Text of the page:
With its trove of Islamic architecture and its nomadic traditions, Uzbekistan is a major tourist destination. History buffs will enjoy retracing the Silk Road from Samarkand to Bukhara. Lovers of the great outdoors will cross the Kyzyl Kum desert and its red sands, try yurting and camelback riding around the Aydar Lake, or lament the ever-dwindling Aral Sea.
But the capital city, Tashkent, is notably absent from this list of attractions.
Since the country counts several international airports, travelers don't even need to land in Tashkent upon arrival. For those who do, it's mostly just a stopover before catching an express train bound for someplace else. And that's too bad, because what the city lacks in charm, it makes up for in liveliness. Tashkent is the country's administrative center, its largest and most cosmopolitan city. It is three times bigger than Samarkand and eight times bigger than Bukhara. Unlike the other Uzbek cities where visitors and locals rarely mingle in any meaningful way, this is a place where you'll actually see everyday people shopping, hanging out in parks, eating in restaurants, and partying in nightclubs. Tashkent is no Dushanbe, indeed.
Food plays an important role in this picture, from the imposing Chorsu Bazaar to the colorful restaurants with their ultimate versions of the open kitchen—chefs preparing meals in large pots in the middle of the dining areas. Tashkent might even be the most intriguing place to try food in Uzbekistan, if not in all of Central Asia. Not only will you find all the traditional dishes of Uzbek cooking (arguably the most interesting cuisine in the region), but there are many local specialties as well.
Let's start with plov, the most famous of all the Uzbek dishes, cousin to the pilaf, pulao, and other palaw that you find in many parts of the world, from the Caribbean to Southern Asia. I don't speak Uzbek, but according to a rather mnemonic legend, the two words meaning plov in Uzbek, palov-osh, would be an acronym for the ingredients it contains: Piyez (onion), Ayez (carrot), Lakhm (meat), Olio (fat), Vyet (salt), Ob (water), and Shaly (rice). Add a few spices, such as coriander seeds and wild cumin, cook everything in a kazan (a large cooking pot shaped a bit like a wok), and voilà! You get the canonical plov right there. Be sure not to skimp on the fat—the oil at the bottom of the kazan is supposed to be an aphrodisiac.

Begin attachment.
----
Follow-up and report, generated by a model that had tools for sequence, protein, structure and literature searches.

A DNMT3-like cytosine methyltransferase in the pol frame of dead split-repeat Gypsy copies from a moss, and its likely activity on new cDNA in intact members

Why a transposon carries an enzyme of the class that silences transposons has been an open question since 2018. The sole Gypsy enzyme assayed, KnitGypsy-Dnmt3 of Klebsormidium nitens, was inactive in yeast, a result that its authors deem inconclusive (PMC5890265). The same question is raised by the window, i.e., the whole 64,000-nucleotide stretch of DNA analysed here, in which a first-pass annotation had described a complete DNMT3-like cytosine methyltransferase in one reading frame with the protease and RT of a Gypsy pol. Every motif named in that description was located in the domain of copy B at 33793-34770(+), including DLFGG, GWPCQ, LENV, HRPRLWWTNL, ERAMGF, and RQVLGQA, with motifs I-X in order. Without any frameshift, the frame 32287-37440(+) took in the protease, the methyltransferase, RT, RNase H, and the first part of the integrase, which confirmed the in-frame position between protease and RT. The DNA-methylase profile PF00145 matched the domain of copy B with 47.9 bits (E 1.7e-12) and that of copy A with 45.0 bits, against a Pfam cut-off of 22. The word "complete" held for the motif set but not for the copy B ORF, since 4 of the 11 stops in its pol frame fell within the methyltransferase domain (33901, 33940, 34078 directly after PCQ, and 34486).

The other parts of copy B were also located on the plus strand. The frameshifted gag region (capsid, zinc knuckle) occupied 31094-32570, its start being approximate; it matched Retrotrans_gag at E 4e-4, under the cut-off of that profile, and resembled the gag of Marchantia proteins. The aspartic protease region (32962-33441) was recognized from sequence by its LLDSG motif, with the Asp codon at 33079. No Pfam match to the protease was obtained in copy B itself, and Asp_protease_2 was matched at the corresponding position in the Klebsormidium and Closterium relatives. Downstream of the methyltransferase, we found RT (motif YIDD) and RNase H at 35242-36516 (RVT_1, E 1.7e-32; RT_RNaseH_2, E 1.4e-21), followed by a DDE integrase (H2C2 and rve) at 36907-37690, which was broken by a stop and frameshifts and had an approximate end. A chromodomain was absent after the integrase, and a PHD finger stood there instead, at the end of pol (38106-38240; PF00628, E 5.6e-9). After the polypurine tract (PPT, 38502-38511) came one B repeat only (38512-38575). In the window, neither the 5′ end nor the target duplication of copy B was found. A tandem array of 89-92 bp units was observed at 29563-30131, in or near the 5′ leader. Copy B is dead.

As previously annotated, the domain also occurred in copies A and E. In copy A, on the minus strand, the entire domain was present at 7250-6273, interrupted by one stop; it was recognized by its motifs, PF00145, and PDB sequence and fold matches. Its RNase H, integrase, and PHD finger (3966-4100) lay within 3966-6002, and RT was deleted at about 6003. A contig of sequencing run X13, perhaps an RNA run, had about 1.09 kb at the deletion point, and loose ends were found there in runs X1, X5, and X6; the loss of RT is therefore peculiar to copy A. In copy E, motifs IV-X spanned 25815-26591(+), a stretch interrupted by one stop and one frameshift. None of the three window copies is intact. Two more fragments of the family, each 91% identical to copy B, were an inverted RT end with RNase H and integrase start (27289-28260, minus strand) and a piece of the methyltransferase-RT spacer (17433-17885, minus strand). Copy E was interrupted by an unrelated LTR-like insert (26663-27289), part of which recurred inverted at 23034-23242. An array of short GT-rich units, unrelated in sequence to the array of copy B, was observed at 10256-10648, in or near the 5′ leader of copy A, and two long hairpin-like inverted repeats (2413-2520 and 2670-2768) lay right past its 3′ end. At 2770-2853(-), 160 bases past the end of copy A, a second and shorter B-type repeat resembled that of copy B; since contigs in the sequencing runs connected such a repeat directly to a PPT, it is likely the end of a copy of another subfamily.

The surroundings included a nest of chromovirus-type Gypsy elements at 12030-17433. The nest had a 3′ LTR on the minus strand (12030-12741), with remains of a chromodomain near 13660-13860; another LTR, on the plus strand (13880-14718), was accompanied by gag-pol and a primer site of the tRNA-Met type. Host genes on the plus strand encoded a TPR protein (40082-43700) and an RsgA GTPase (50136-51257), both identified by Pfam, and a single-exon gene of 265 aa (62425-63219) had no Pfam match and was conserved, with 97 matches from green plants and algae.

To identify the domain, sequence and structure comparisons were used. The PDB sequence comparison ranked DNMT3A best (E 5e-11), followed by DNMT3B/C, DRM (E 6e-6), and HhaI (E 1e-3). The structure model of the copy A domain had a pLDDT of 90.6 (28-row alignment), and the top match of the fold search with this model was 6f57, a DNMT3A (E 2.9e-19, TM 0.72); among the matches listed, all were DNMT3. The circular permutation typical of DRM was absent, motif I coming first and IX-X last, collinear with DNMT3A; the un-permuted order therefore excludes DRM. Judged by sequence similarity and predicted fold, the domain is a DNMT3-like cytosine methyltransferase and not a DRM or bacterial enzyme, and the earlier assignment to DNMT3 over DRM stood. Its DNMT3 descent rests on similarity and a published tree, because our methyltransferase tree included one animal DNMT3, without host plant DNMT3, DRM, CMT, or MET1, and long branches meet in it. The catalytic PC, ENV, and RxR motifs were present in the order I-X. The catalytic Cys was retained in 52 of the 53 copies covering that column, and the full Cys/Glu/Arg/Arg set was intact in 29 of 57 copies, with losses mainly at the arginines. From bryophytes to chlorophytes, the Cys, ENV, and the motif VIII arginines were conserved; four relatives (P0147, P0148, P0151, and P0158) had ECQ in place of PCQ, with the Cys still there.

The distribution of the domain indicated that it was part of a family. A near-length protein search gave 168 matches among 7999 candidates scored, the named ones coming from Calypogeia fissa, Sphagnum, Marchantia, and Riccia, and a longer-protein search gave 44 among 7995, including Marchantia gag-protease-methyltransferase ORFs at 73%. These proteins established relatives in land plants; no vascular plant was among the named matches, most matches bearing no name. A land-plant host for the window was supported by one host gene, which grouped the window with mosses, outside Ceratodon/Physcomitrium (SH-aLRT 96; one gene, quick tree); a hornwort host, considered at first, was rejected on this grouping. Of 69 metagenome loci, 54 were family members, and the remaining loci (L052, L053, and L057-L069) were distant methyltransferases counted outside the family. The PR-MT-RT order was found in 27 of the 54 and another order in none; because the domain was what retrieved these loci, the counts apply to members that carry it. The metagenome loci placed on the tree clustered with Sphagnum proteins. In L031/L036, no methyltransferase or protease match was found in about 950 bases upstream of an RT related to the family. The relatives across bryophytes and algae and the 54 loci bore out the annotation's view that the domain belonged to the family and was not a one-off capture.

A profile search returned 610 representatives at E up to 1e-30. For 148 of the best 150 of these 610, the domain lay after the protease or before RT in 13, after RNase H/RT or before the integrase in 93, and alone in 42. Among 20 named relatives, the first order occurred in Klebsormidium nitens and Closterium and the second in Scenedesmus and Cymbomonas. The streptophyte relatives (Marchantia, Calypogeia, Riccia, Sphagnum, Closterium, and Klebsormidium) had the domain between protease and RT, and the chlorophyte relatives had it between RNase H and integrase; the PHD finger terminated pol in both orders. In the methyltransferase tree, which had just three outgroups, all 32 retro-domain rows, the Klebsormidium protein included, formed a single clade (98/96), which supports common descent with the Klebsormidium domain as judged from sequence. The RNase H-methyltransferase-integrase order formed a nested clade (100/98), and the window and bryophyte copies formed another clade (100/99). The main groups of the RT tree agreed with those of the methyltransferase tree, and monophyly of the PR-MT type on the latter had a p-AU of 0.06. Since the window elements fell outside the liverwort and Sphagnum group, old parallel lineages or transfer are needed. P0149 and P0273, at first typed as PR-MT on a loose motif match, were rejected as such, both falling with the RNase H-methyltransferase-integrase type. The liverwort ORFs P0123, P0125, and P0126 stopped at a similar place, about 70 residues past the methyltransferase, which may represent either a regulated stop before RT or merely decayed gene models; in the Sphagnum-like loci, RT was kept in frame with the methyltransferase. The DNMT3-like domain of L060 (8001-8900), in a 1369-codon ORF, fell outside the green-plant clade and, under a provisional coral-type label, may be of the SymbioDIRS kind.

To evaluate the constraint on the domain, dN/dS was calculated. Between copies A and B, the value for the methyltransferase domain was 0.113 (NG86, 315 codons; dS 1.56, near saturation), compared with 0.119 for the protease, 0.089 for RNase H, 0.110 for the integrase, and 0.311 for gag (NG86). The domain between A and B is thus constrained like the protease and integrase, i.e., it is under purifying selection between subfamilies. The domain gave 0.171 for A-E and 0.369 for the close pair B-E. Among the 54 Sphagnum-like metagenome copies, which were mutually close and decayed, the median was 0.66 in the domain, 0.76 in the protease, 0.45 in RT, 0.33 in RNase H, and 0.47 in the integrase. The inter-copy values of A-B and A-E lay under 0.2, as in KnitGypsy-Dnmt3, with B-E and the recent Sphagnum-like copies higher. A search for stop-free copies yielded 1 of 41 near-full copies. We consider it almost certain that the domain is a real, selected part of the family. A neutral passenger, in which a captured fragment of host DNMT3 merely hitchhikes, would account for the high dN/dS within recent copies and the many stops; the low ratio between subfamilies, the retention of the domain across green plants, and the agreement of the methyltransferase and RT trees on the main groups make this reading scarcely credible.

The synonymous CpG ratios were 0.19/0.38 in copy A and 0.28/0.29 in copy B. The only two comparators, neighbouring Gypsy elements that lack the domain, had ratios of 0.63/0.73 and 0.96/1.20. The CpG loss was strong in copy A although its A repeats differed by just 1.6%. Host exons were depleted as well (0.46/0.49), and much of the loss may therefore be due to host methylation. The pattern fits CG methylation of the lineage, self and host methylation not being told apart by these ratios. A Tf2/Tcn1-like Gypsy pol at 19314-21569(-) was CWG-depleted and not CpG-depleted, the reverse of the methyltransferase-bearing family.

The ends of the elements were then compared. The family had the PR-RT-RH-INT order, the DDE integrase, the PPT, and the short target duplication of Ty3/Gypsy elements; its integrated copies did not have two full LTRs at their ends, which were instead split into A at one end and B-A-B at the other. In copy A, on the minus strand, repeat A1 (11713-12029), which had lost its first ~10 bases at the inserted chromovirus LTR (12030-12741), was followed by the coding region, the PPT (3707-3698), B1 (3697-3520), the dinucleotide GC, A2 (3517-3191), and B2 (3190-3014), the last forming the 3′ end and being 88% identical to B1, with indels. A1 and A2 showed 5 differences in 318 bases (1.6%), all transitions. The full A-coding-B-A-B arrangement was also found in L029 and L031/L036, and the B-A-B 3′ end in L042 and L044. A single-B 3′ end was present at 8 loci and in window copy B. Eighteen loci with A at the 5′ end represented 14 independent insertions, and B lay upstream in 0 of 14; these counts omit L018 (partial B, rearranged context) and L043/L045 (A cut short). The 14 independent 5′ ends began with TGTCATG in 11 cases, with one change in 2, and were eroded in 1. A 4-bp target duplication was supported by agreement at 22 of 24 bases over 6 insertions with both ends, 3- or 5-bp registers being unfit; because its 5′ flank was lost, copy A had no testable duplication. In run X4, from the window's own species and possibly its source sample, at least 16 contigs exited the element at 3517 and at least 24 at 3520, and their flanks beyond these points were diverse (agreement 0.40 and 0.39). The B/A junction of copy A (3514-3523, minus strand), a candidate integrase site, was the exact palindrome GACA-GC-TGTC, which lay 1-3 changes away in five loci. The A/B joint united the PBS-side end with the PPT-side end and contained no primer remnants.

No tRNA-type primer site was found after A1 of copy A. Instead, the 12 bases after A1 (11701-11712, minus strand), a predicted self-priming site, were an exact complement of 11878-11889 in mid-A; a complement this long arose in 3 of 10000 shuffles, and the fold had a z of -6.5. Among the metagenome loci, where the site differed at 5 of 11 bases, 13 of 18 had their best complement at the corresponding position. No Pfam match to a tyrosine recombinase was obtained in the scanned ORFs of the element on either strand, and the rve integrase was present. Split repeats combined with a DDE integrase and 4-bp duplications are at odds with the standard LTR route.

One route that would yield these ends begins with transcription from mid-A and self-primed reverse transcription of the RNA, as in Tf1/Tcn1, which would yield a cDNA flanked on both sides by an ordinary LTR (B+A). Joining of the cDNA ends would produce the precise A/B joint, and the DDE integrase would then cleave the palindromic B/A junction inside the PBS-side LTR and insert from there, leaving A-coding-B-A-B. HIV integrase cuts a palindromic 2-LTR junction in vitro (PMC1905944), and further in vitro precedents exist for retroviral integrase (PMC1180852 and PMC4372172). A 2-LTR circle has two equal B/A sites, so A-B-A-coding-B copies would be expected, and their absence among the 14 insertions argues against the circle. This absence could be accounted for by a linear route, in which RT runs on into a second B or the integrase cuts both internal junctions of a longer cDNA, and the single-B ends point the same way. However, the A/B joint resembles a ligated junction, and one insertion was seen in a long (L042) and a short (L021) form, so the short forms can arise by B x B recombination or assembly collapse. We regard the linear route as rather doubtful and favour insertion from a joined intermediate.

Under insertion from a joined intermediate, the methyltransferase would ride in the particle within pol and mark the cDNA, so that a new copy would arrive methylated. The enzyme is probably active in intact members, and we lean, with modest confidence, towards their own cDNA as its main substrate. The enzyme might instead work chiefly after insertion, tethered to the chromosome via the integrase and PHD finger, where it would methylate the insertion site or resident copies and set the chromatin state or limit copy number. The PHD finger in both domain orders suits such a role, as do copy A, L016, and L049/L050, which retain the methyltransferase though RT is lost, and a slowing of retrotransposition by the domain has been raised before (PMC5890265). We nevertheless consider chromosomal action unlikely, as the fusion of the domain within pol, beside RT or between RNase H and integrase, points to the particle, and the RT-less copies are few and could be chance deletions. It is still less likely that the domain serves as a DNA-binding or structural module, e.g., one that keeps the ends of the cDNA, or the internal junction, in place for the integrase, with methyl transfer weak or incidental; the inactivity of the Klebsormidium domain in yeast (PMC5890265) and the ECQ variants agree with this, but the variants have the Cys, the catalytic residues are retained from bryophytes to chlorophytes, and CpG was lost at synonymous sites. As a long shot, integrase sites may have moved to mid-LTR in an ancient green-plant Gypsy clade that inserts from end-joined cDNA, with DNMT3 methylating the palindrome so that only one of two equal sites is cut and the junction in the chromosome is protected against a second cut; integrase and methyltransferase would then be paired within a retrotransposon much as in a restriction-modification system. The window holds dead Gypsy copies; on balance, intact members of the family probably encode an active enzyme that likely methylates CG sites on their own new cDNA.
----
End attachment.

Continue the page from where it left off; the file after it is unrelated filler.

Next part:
There are many variations. The classic Fergana plov contains just the above ingredients, spices, and a head of garlic. In a Samarkand plov, the ingredients are pretty much the same but aren't mixed during cooking, and in a Bukhara plov, the rice, meat, and vegetables are all cooked separately, with less fat. Add to this many more seasonal and local variations, such as quince, pumpkin, morels, stuffed peppers, or dolmas. A wedding plov, which is served at weddings and upon whose quality is reputed to depend the entire fate of a marriage, ideally contains the following: raisins for a sweet life, chickpeas for abundance, pomegranate for lots of children, and barberries for health.
The Central Asian Plov Centre is the place to go for plov in Tashkent. Don't expect anything fancy; the very large room with mostly bare white walls looks like a cross between a New Jersey wedding venue and a giant, low-end pizza parlor. It serves only one dish, a wedding plov, Tashkent style, which means small chunks of meat with yellow carrots, chickpeas, and raisins. The plov is prepared in huge, wood-fired kazans in the courtyard. A menu on the wall lays out a few options: small or large, single or double portion of meat, with or without a chicken or quail egg, with or without a slice of kazy.
Ah yes, kazy, the horse sausage. While it's also found in other Central Asian countries, especially Kazakhstan, its consumption within Uzbekistan is pretty specific to equine-loving Tashkent. This is a rather unusual sausage, too. First, of course, it's made of horse meat—usually the ribs—packed into horse-intestine casings. Second, the meat isn't ground at all. Instead, large chunks are stuffed in with equally large pieces of fat. Kazy is then dried or smoked, and finally boiled before being served. Rustic, but not bad.
Tashkent's fondness for horses also appears in another local specialty: naryn, a kind of horse meat pasta salad. To experience the dish in all its glory, head for the spartanly named and decorated National Food Restaurant. This place serves other dishes as well: lagman (a noodle soup) and dolma shurpa (a soup with stuffed vegetables) are prepared in large kazans next to the entrance, while assorted kebabs are grilling on a mangal outside. But none of them takes such pride of place as the naryn. In the middle of the dining room, over 20 cooks gather around a huge table ceaselessly slicing heaps of pasta sheets and boiled horse meat into a fine julienne. On a smaller table nearby, another cook tosses the pasta and the meat with some seasoning and a liberal dose of oil, more or less to order. The result is quite pleasant, and the faint of heart will barely notice that they're eating an unfamiliar red meat.
Given the complicated status of horse meat in the United States, you probably won't make kazy or naryn at home any time soon, unless you choose to use beef or venison. Plov, on the other hand, isn't so hard to make, and tastes delicious. No need for a giant cauldron over an open fire—a wok on a stovetop works quite well. Just don't blame me if the future of your marriage is sealed by a bowl of greasy rice.